Conservative Hypocrisy on Racial Profiling and Affirmative Action

Victor Davis Hanson is against racial preferences. College applicants should be judged as individuals! But racial profiling? He's okay with that.
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Michael Fleshman/Flickr

An instantly controversial Victor Davis Hanson column recounts a piece of advice handed down through three generations in his family: Watch out if you see young black men on the street or approaching your house or vehicle -- they commit "an inordinate amount of violent crime." A fair number of commenters at National Review agree with that counsel. My colleague Ta-Nehisi Coates retorts that it is "stupid advice" that betrays "a rote, incurious and addled intellect."

What do I think?

The significance of Hanson's column and its embrace by some conservatives can't be fully appreciated without looking back at his larger body of work on race in America. His attitudes are common, though far from universal, in movement conservatism.

At their core is a glaring contradiction.


VDH wrote last year that "until the election of Barack Obama, 'white' was an increasingly rare designation." Intermarriage, integration, and assimilation "were making race itself an irrelevant consideration." But then Obama engaged in "race-baiting" and "staged anger" at alleged white racism. 

Hanson sees liberals as race-obsessed, which he regards as anti-American. The "new emphasis on tribe"* ignores human individuality "and assumes that friendships, marriages, and alliances will not dare trump racial and ethnic solidarity," he argues. "Ours is now instead a Galadriel's mirror of the Balkans, of India's castes, of Rwanda, but no longer of a multiracial melting-pot America, where our allegiances were to be political, economic, and cultural and not necessarily synonymous with how we looked." Hanson dismisses prevailing racial categories. "Only in the hyper-racialist America can we take quite distinct Japanese, Filipino, Korean, and Chinese third-generation citizens and create from them the artificial rubric 'Asian' in their shared antithesis to 'white,'" he writes, "or take disparate Cubans and Mexicans and likewise reinvent them as identical Latinos, or take Jamaicans, Ethiopians, and American blacks and call them all 'African-Americans' on the similar logic of not being something equally artificial like white -- which I guess covers Americans who used to be Greeks, Irish, Armenians, Jews, Poles, and Danes."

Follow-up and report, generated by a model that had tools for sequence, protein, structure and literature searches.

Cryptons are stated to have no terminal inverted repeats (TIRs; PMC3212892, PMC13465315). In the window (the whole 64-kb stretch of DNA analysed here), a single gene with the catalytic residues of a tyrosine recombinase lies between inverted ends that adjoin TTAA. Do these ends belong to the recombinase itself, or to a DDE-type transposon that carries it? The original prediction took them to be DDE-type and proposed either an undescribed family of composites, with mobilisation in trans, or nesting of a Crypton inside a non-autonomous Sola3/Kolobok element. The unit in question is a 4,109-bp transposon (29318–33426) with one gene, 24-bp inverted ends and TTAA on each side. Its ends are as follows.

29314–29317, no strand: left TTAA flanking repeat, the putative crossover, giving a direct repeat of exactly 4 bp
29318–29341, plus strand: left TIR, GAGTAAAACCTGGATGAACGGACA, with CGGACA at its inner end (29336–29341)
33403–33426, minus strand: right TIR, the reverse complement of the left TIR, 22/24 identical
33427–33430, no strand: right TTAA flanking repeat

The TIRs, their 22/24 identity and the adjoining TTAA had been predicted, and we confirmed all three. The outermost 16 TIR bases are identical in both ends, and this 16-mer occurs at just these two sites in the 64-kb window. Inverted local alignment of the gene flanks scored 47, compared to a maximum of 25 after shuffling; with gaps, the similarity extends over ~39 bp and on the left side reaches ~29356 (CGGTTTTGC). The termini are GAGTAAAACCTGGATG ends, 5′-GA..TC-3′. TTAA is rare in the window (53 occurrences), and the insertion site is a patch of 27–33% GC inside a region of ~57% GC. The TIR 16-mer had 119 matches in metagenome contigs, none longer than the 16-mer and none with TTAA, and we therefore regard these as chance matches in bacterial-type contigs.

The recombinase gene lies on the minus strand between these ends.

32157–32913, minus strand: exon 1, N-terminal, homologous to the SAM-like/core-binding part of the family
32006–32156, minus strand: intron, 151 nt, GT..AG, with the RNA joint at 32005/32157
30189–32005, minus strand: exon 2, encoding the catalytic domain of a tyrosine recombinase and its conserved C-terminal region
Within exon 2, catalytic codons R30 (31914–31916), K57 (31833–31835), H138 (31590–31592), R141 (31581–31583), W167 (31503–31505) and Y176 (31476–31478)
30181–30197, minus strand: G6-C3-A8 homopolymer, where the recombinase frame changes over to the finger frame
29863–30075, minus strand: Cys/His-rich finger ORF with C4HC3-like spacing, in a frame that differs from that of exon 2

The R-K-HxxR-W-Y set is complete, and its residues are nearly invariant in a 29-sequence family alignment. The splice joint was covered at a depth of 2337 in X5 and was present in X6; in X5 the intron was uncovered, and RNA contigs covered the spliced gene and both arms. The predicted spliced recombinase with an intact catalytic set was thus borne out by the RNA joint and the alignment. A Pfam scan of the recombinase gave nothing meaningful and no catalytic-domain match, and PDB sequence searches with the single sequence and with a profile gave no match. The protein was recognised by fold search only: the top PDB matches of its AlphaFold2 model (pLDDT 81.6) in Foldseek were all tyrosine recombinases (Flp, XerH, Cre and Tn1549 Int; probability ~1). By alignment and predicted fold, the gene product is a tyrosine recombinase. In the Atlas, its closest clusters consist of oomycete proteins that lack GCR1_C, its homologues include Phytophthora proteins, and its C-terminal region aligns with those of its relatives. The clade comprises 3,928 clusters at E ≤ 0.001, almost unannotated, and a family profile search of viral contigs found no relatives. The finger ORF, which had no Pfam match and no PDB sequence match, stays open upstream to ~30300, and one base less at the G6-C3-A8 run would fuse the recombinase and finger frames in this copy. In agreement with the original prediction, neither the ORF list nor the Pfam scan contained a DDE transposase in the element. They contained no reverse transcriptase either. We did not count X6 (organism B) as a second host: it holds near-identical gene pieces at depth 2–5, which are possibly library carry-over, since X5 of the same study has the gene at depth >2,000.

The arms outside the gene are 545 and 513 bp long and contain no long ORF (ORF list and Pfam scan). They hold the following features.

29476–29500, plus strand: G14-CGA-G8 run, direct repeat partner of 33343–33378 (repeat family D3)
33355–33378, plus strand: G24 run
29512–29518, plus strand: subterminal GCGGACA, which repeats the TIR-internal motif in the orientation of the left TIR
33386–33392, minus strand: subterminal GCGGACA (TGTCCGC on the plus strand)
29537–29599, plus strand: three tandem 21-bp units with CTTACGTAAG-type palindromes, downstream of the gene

And in a multiracial America, he rejects affirmative action:

Aside from the increasing difficulty of determining the ancestry of multiracial, multiethnic, and intermarried Americans, what exactly is the justification for affirmative action's ethnic preferences in hiring or admissions -- historical grievance, current under-representation due to discrimination, or both? Are the children of President Barack Obama or Attorney General Eric Holder more in need of help than the offspring of immigrants from the Punjab or Cambodia? If non-white ancestry is no longer an accurate indicator of ongoing discrimination, can affirmative action be justified by a legacy of historical bias or current ethnic under-representation?

These views would be tolerable (if unfair to Obama and liberals) if Hanson was a consistent, principled individualist who encouraged colorblindness as an ideal and treated race as a construct. That may well be the best way forward.

But Hanson is not that at all.

On one hand, he grounds his opposition to affirmative action in those values. See, Hanson doesn't deny that black Americans are disproportionately likely (a) to be raised in poor, single parent households; (b) to have a parent or sibling in jail; (c) to reside in failing school districts; (d) to witness or be victimized by violent crime; and (e) to lack access to family wealth due in part to decades of discrimination. It's just that, even knowing that blacks as a group are disproportionately disadvantaged, he believes it's wrong for colleges or employers to grant special treatment to black applicants, rather than assessing them as individuals. Colorblindness is his sacred ideal, group statistics be damned. In the United States, everyone deserves equal treatment. Blacks are to be treated fairly as individuals with no consideration of group traits.

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Conor Friedersdorf is a staff writer at The Atlantic, where he focuses on politics and national affairs. He lives in Venice, California, and is the founding editor of The Best of Journalism, a newsletter devoted to exceptional nonfiction.

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